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Does Trampling Harm Grass?

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D:        Yaël, have I got a new money-making scheme for us.

Y:        Uh-oh.

D:        Don't worry--it's legal. We could start parking cars on our front lawns. I'm thinking that's an easy 100 bucks a day.

Y:        But Don, aren't you worried about the damage to the grass?

D:        Not at all. You see, the part of grass that's responsible for new growth is at the base of the plant, so even if the blades are harmed it isn't a big deal. That's how come we can mow grass without killing it.

Y:        Maybe so, but think of all the damage to the soil.

D:        To the soil?

Y:        Most of the long-term harm from trampling is due to compacted soil. For example, the compaction can reduce the amount of air and water available to a plant. And when it rains on compacted soil, the water runs off instead of being absorbed, as it would be by more porous soil. Or else, even worse, it'll just puddle and drown the plant.

D:        That would be bad.

Y:        What's more, it's harder for plant roots to penetrate and work their way through compacted soil, and this can affect seed germination and the plant's ability to continue growing in that location.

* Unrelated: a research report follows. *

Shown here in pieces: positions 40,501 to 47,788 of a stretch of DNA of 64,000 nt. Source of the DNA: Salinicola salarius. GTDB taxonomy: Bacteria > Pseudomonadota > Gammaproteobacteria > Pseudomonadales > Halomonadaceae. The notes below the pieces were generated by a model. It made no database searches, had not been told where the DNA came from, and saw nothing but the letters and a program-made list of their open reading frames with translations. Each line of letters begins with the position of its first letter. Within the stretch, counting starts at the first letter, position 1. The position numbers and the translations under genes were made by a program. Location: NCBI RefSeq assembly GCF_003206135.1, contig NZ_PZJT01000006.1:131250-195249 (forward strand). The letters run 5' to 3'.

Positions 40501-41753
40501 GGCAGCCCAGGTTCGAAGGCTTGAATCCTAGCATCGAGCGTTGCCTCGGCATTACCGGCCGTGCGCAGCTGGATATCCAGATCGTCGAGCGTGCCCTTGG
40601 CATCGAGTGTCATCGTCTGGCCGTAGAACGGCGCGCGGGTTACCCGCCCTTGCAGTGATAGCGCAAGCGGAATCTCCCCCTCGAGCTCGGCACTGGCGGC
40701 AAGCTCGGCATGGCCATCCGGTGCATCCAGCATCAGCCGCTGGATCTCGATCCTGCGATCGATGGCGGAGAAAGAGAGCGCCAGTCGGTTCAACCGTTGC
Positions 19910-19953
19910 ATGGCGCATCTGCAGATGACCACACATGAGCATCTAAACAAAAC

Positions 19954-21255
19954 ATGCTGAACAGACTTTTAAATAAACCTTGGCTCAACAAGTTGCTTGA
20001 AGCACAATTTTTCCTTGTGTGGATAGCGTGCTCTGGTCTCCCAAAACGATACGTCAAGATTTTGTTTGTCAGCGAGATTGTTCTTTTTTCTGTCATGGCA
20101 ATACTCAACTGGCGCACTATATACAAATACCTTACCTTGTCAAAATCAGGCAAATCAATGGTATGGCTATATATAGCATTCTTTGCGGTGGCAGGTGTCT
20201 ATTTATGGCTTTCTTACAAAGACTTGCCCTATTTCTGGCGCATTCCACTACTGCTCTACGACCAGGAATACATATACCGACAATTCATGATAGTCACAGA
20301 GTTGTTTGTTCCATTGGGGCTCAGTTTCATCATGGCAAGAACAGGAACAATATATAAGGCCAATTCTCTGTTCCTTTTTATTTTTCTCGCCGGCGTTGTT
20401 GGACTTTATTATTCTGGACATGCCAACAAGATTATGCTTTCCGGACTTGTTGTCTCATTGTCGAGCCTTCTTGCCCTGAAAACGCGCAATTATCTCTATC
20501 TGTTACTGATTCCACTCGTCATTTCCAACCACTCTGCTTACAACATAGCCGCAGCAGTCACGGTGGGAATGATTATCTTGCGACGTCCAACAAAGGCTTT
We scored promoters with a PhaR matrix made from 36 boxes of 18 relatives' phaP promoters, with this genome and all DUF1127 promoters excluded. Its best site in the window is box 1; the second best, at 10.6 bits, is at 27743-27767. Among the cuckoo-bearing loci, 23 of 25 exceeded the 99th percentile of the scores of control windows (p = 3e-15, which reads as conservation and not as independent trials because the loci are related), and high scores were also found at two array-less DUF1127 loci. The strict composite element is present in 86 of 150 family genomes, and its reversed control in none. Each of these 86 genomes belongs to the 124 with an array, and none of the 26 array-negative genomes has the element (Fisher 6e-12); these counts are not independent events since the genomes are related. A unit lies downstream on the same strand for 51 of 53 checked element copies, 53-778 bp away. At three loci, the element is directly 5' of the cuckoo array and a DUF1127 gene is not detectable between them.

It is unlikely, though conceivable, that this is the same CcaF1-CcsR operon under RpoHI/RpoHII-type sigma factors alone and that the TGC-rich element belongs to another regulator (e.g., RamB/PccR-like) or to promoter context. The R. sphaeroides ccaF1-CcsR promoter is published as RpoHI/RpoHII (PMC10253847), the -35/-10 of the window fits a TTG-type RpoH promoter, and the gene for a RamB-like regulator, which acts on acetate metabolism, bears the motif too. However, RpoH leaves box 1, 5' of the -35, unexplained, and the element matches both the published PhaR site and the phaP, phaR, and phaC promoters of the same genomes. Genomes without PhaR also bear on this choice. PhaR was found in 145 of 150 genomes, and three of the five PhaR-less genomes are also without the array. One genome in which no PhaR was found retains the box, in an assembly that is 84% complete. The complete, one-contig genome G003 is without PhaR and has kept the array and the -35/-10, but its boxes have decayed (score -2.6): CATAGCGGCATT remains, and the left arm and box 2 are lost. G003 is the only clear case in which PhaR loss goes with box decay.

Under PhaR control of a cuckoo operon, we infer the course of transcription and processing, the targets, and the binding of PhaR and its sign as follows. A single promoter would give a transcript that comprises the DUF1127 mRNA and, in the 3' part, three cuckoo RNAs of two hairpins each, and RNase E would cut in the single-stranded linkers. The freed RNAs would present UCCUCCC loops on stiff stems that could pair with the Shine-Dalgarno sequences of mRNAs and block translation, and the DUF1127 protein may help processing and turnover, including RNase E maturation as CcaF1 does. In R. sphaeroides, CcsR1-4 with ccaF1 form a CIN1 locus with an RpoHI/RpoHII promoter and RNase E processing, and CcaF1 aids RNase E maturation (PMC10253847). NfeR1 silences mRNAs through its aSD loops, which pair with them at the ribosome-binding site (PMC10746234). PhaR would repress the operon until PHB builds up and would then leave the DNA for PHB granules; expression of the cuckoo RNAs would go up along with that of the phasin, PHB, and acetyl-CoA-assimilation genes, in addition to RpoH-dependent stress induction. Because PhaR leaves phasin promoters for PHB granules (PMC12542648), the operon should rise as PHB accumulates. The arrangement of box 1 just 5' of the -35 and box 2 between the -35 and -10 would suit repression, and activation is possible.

D:        Wait a minute--so how do they get all that beautiful grass to grow on football and baseball fields where there's much higher traffic than on my lawn?

Y:        Grass on athletic fields is planted over a layer of sand, and that greatly reduces the problem of compaction.

D:        Oh well. Why is it that these easy money schemes are never that easy?
Grass

Parking your car on your lawn might look strange, but it doesn't harm your grass. The part of the grass that's responsible for new growth is at the base of the plant, so even if the blades are harmed it isn't a big deal.

This is why we can mow grass without killing it. However, most of the long-term harm from tampling is due to compacted soil. For example, the compaction can reduce the amount of air and water available to a plant. And when it rains on compacted soil, the water runs off instead of being absorbed, as it would be by more porous soil. Or else, even worse, it'll just puddle and drown the plant.

What's more, it's harder for plant roots to penetrate and work their way through compacted soil, and this can affect seed germination and the plant's ability to continue growing in that location.

Grass on athletic fields is planted over a layer of sand, and that greatly reduces the problem of compaction.

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